MTA Board approves subway, bus fare hikes; will discuss congestion pricing
The MTA is making key decisions Wednesday that will eventually make it more expensive to travel into and around New York City.
Subway and bus fares will increase from $2.75 to $2.90 on August 20. It is the first fare hike since 2019 and the first increase in the base subway and bus fare since 2015.
NYC Transit, LIRR and Metro-North Railroad fares will go up 4%. On August 6, tolls on nine MTA bridges and tunnels will rise an average of 5.5% and as much as 10% for those who don’t have E-Z Pass.
The MTA is also raising fares on express buses and monthly MetroCards.
Express bus fares will rise to $7 from the current $6.75. And 7-day unlimited-ride MetroCards will rise to $34 from the current $33 while 30-day unlimited MetroCards rise to $132 from the current $127.
The MTA says its seven-day “best fare” fare-cap will allow OMNY customers to start their seven-day fare capping period any day of the week.
Unlike the 7-day MetroCard, which requires an upfront $34 payment, the OMNY “best fare” initiative will give customers the financial flexibility to pay-as-they-go until they have spent $34 in any consecutive seven days, after which the cap will be in effect through the end of seven days.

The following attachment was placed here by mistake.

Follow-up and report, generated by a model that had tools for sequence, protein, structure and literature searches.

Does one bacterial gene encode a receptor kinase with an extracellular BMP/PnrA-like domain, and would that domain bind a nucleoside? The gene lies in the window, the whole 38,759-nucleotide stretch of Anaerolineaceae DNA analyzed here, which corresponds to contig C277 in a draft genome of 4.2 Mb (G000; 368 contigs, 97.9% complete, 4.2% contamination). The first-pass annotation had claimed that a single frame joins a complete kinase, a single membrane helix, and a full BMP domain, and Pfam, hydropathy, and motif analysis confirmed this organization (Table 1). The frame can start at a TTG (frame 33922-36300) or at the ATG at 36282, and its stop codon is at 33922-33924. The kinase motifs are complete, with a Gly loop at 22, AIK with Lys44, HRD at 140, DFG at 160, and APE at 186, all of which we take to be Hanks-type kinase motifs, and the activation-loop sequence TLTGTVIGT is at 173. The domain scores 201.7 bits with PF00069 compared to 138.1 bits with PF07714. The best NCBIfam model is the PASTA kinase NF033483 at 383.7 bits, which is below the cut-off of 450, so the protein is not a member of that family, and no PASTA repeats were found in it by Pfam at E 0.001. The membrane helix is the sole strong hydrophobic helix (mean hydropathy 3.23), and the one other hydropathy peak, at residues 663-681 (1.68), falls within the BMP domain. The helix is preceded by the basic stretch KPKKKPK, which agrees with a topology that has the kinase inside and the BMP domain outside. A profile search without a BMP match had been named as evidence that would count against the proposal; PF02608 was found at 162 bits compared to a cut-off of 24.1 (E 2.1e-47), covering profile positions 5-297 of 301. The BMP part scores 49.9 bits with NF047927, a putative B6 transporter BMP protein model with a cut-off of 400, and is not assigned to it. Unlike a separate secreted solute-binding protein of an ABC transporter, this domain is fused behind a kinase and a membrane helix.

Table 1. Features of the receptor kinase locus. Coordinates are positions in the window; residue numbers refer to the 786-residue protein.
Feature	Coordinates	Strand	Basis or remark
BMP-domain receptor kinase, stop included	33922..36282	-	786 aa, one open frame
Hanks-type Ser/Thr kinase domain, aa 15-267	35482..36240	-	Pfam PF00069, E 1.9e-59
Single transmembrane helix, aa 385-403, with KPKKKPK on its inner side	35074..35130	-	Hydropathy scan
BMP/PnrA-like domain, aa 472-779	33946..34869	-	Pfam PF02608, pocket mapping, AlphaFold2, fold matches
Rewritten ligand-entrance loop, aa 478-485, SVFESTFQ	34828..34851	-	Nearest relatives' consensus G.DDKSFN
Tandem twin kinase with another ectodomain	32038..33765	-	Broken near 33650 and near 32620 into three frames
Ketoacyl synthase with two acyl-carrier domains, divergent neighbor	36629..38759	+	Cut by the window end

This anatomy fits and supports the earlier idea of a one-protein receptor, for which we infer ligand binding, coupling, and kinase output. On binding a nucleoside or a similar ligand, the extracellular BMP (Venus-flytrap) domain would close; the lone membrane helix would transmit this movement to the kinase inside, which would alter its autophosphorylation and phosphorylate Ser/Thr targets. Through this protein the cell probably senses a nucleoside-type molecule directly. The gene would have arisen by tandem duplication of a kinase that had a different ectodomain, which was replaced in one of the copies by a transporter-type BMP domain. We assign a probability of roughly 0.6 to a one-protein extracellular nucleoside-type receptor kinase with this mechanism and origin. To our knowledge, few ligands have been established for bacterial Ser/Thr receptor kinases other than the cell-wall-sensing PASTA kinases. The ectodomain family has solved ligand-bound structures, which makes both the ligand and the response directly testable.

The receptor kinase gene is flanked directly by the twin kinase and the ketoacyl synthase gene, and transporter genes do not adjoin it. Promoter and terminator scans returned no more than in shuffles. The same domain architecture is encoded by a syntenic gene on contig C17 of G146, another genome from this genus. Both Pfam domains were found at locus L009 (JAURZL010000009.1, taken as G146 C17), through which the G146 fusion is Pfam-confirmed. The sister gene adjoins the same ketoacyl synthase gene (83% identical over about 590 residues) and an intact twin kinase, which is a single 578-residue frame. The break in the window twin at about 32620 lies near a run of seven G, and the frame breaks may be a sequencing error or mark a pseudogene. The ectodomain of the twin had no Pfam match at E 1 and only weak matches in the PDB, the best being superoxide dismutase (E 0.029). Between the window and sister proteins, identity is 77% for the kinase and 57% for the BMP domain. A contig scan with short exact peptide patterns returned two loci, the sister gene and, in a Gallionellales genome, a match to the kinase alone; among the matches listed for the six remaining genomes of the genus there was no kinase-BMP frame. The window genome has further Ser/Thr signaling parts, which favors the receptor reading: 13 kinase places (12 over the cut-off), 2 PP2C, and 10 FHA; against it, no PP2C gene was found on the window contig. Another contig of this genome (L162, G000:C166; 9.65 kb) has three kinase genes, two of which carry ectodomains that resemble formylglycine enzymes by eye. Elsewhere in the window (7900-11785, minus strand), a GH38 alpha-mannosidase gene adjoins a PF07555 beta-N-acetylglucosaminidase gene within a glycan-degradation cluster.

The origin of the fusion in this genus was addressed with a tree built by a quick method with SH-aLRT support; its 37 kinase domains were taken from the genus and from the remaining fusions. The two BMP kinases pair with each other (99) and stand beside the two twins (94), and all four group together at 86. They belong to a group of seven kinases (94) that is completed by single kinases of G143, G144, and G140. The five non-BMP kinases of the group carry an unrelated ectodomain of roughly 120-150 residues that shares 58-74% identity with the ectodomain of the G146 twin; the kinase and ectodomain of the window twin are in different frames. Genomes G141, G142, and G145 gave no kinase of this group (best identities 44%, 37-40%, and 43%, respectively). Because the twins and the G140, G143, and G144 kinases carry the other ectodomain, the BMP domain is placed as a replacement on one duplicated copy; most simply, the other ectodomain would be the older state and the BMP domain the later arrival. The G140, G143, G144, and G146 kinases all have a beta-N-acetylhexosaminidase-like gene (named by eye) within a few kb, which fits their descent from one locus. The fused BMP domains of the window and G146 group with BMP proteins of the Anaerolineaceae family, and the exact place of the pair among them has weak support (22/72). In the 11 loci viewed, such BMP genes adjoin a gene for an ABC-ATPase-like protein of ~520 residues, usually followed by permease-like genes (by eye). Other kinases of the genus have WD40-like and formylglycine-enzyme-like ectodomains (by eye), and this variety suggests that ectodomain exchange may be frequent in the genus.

Single rides on subways and buses will increase to $3.25 from the current $3 and 7-Day Express Bus Plus MetroCards will rise to $64 from the current $62.
All discounts for seniors, reduced fares, will remain in place.
The vote puts the MTA back on its schedule of fare and toll hikes every other year. The increases will generate $305 million in revenue and help with capital improvements and operating costs.
It comes after New York Gov. Kathy Hochul’s budget infused the MTA with more than a billion dollars in new funding. The agency says without it, the fare hikes would have been worse.
Many transit advocates are defending the increases as prudent-necessary for a better, more reliable transit system.
“The MTA, itself, is being asked to find $400 million worth of efficiencies-as they should, and now riders are also being asked to contribute to a system that we use, and that we need to keep going where we need to go on a daily basis,” said Lisa Daglian with the Permanent Citizens Advisory Committee. “We’re all part of the solution. So we all have to contribute to it.”
The MTA is also counting on additional revenue from congestion pricing, expected to start next year.
The MTA’s Traffic Mobility Review Board is discussing congestion pricing Wednesday about the plan to toll drivers who enter Manhattan south of 60th Street, as well as determining the exemptions.
It could go into effect as early as next spring.
The board will make a recommendation on how much the toll should be and who will be exempt.
There is no public comment period at the congestion pricing hearing.